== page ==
October 25, 2009
The network wonks may have waited until the New York tabloids were preoccupied with a busy day of Yankees and Giants news, but the result is the same.
Steve Phillips is no longer an employee of ESPN.
That's according to the Twitter feed of ESPN PR man Mike Soltys, who posted the following message about the baseball broadcaster and ex-Mets general manager late on Sunday evening:
"Steve Phillips is no longer working for ESPN. His ability to be an effective rep of ESPN has been significantly & irreparably damaged."
The news ends at least one aspect of the soap opera that started last week when it was revealed that Phillips engaged in an alleged affair with a 22-year-old production assistant from ESPN. Brooke Hundley later harassed his family by contacting his son over the Internet and showing up at their Connecticut home to deliver a letter to his wife that detailed the affair.
After firing Harold Reynolds back in 2006 for some inappropriate hugging (a move that caused the network to settle out of court on Reynolds' wrongful termination lawsuit), ESPN did the right thing here by ridding the ESPN studios and the Sunday Night Baseball booth of Phillips' presence. Carrying on a relationship with a subordinate less than half his age (Phillips is 46) seems like enough of an offense, but throw in the fact that Phillips is married with children and ESPN's decision was a rather easy one.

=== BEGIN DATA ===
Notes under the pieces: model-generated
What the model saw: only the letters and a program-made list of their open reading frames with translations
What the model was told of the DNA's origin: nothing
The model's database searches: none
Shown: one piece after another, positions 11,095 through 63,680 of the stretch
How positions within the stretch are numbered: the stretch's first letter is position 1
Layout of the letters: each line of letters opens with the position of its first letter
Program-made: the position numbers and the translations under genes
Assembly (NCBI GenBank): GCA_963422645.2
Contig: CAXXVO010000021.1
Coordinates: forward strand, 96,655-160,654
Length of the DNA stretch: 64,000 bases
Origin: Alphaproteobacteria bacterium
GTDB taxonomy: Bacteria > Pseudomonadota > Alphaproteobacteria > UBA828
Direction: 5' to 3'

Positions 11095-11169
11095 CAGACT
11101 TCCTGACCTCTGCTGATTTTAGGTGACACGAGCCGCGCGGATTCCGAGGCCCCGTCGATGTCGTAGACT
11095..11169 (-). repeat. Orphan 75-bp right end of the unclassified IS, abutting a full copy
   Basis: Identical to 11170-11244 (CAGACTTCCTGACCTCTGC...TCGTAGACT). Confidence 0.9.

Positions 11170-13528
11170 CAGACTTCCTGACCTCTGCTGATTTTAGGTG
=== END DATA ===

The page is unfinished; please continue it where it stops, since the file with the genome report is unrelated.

Some will undoubtedly greet this news by dancing on the grave of Phillips' career — I'm not sure I've ever heard anyone say they liked his sometimes-illogical analysis — but when you consider what his wife and family are going through, it's much too sad for that. A lot of us wanted ESPN to forever shush Phillips, but certainly not under these circumstances.